Saturday, December 13, 2008
No time to mourn
Chabad has some traditions that has people scratching their heads. "Why do they insist on them," they ask. "Why can't they be like everybody else," they cry. One of them is the minhag not to make hespedim on a niftar, no matter who he or she may be. The fact that there were hespedim last week in Kfar Chabad notwithstanding. A typical levaya in Chabad in New York goes something like this: A sign goes up that the levaya of so-and-so will leave Shomrei HaDas chapels at 2:00 and will pass 770 at around 2:30. At Shomrei HaDas, Tehillim may be recited before the aron is loaded into the hearse. At 770 a crowd usually assembles in front of said building, and the aron arrives on or around the announced time. The car usually stops for a few minutes while the crowd gathers around. The women stay on the other side of the service road of 770 and watch. After a few minutes the hearse begins to move, and those who go to the feld usually get into their cars to follow the hearse to the Old Montefiore Cemetery in Queens, where the Lubavitcher Chelkah is located. (Even in death they're separate, those Lubavitchers!")
On Monday - when I started writing this post - there was a Levaya for the mother of a Lubavitcher Chossid here in Monsey. No "tragedy" per se', the woman was 92 years old. An email went out at about 11am that the levaya would pass our shul at 2pm and that burial would be at Sons of Israel cemetery on Brick Ch--ch road, half a mile down the road. That cemetery requires a post of its own, with a 7 foot stone wall separating the Vizhnitzer Beis Olam - where the Skulener Rebbe and Ribnitzer Rebbe are buried, and the Olamishe one, where such Gutte Yidden as Rav Mordche Schwab and Reb Nesanel Quinn are interred. The hearse - a Toyota Sienna minivan like a thousand others in Monsey - arrived at around 2:40, parked in the parking lot, lifted the tailgate, and the levaya began. Walking down the road. Maybe 200 feet, and the van pulled away, not waiting for the others. The procession then headed to their respective cars and drove the half mile to the cemetery, where the aron and the driver were waiting patiently.
At the beis olam the ceremony was short and quick. The aron was removed from the van and placed on the metal "bed" and then carried down the walkway to the open grave. Yoshev B'seyser was said seven times, stopping at the appropriate time. The Chevra Kadisha man was a seasoned veteran of seemingly Satmar stock who expertly instructed the novice procession of when and where to stop each time. After arriving at the kever the aron was soon lowered into the grave, with the said man barking out instructions of when are where to drop first. After being told "nisht ibergebben," the assembled worked for about 10 minutes covering the aron with the dirt and the shovels supplied, and the deed was soon done. Kaddish was recited by her three sons. Two rows of people soon lined up and the Aveilim took of their shoes and we're comforted by the assembled, who were warned נישט נאכגיין! An old pump on the side of the path with an old "Kvort" was used for washing hands. You need to actually pump the water out of the ground. When I started the engine in my car the clock read 3:13. It took a maximum of 40 minutes from the beginning of the levaya till after S'timas HaGolel!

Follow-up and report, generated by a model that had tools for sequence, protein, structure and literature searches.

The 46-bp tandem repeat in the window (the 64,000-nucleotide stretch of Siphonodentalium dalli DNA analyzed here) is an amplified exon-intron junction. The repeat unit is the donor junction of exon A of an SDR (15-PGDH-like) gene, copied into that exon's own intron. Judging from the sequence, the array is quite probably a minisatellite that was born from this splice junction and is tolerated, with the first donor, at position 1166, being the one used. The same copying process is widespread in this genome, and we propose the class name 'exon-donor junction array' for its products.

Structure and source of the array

Where I come from, even a simple yid's levaya takes a minimum of 4 hours from beginning to end. There's going to the chapel and waiting. There's the hespedim, a minimum of three, at least one by his Rov, or Rebbe of the shtiebel where he davened, and family members, son, eydem, eynikel etc. Even in the death of an elderly man or woman there's usually lots of crying, and presumably some התעוררות too. Lots of time to mourn. The procession outside the chapel is usually for a couple of short blocks and the hearse waits for the cars that will follow to New Jersey of Long Island, an hour's distance. At the cemetery there's often another hesped. All in all you've been in the levaya mode for some hours now, and if you're an immediate family member you cried plenty too. Now compare that to the Lubavitcher levaya and see how much crying the Lubavitcher did for his immediate family member. I know that the minhag chabad is not be maspid, but it seems like the minhag is also not to mourn, or at least to minimize the mourning. At the aveilim house it's more nechomoh than aveilus, so that wouldn't make up for it. Just my thoughts, what say you?